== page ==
The Sermon on the Mount and Christian Discipleship
Discipleship — actually following Jesus — is not optional in Christianity, or for Christians. It’s not an extra add-on like satellite radio in your car, or the premium channels in your cable package. We can’t break the “Good Confession” that Jesus is the Christ, the Son of the Living God, and our Lord and Savior in half. We can’t give Jesus our sins to be forgiven as Savior without Him, at the very same time, demanding to become the Lord of our lives. Consider the Great Commission — Christ’s final marching orders to the church. “Go into all the world and preach the Gospel” Jesus told His first followers (Luke 14:47; Mark 16:15), “make disciples, baptize them in the name of the Father, he Son, and the Holy Spirit, teach them to obey all that I have commanded you” (Matthew 28:19-20).
Menno Simons, one of the Protestant Reformers who gets lost in all of the attention that Luther and Calvin get, understood better than they did what the connection is between believing the Gospel and becoming Christ’s disciples, between getting baptized and obeying all that Christ taught. Menno Simons taught that baptism is probably the least important thing that God commands us to do. Jesus Christ taught so many more important things – loving our neighbors, dying to self, serving the least of these. But Menno Simons nevertheless insisted that people get baptized at the very beginning of their Christian lives because he viewed baptism as the first act of their obedience of faith. Menno Simons understood that if a person agreed to be baptized because Jesus told them to do it, that he or she was someone who was already disposed to do whatever else could be shown to be something that Jesus Christ wanted them to do.
It should come as no great surprise to learn that Menno Simons’ spiritual descendants – the Mennonites – more so than any other part of the Christian family today, have taken the actual living of the Sermon on the Mount most seriously. They get baptized to show their intention to be Christ’s disciples, to do whatever He commands, and they understand that the most comprehensive account of what Christ has commanded is the Sermon on the Mount. It’s not just meant to be admired by us as an inspiring ideal. The Sermon on the Mount is meant to be adopted as our working philosophy of life as Christians.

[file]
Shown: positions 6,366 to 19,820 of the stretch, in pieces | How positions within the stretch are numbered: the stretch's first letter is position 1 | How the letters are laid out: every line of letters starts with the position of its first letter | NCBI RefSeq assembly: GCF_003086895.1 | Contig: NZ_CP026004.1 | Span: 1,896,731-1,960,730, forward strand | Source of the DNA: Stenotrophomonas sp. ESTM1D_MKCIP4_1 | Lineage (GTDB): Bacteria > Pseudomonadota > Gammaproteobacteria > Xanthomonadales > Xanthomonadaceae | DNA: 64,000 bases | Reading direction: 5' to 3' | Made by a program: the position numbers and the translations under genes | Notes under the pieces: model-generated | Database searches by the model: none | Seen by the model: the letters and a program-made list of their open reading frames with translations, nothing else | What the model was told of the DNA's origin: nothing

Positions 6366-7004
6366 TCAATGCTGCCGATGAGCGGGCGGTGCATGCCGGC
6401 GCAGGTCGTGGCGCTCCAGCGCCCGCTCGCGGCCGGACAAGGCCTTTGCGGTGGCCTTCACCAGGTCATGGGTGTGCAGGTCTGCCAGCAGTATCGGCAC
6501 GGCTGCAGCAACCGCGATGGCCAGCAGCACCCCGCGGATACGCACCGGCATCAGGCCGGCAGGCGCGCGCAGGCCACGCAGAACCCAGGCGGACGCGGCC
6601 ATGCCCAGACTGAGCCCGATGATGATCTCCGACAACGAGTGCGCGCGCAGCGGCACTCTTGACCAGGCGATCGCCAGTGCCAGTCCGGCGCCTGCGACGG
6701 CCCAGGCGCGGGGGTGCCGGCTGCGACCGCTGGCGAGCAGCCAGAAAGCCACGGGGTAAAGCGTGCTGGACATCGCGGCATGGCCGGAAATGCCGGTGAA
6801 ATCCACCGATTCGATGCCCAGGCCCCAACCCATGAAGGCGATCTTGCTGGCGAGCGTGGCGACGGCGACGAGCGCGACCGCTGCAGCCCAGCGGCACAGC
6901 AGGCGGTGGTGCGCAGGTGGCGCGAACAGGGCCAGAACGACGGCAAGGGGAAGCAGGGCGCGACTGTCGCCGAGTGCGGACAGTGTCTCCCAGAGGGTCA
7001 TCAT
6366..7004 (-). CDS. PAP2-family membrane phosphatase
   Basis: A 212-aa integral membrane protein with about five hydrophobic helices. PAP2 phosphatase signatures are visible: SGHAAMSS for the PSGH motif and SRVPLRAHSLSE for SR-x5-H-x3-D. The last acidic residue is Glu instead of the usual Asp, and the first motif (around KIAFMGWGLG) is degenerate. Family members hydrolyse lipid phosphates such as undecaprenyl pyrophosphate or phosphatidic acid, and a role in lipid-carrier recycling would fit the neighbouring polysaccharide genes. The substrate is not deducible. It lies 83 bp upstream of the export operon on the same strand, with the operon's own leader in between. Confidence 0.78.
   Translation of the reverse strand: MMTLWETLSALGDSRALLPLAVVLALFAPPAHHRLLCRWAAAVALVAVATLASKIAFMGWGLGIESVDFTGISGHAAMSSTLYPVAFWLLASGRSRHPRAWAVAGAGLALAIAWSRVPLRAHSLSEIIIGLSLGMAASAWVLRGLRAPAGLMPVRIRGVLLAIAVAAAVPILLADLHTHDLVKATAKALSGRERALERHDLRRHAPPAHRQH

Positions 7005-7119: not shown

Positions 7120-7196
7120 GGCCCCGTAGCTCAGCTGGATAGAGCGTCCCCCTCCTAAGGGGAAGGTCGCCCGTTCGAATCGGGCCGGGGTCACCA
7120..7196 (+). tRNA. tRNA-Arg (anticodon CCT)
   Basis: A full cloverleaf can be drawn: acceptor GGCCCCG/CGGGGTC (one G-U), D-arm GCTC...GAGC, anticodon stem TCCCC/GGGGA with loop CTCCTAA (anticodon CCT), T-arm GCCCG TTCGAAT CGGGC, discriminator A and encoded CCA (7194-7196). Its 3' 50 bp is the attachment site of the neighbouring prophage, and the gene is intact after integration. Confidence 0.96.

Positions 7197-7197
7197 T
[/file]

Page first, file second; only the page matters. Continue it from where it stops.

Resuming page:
Now, if we are to do this – and our baptisms say that we should – then there are three things that we’ve got to keep in mind –
The first thing is understanding that living the Sermon on the Mount is not something that we do in order to become Christians, but rather it’s something that we do because we are Christians. I like the way that Frank Thielman, a Professor of New Testament at Beeson Theological Seminary over in Birmingham, Alabama, puts it – “The Sermon on the Mount shows us what life should look like for a heart that has been melted and transformed by the Gospel of Grace.”
We don’t gather at the Lord’s Table to hear the Sermon on the Mount read to us. No, we gather at the Lord’s Table to break bread in remembrance of Christ’s body broken for us, and to pour a cup in remembrance of Christ’s blood poured out for us. This is what makes us Christians. We are loved, forgiven, and accepted by Christ’s saving work when He died an atoning death on the cross and when He rose transformed and transforming from the Garden Tomb. But a copy of the Sermon on the Mount should probably be put in our hands at the door of the church every Sunday morning when worship is over and we’re on our way back into the world as people who have been loved, forgiven, and accepted by the Savior. The Sermon on the Mount is what a life of grateful obedience to Jesus Christ as Lord looks like.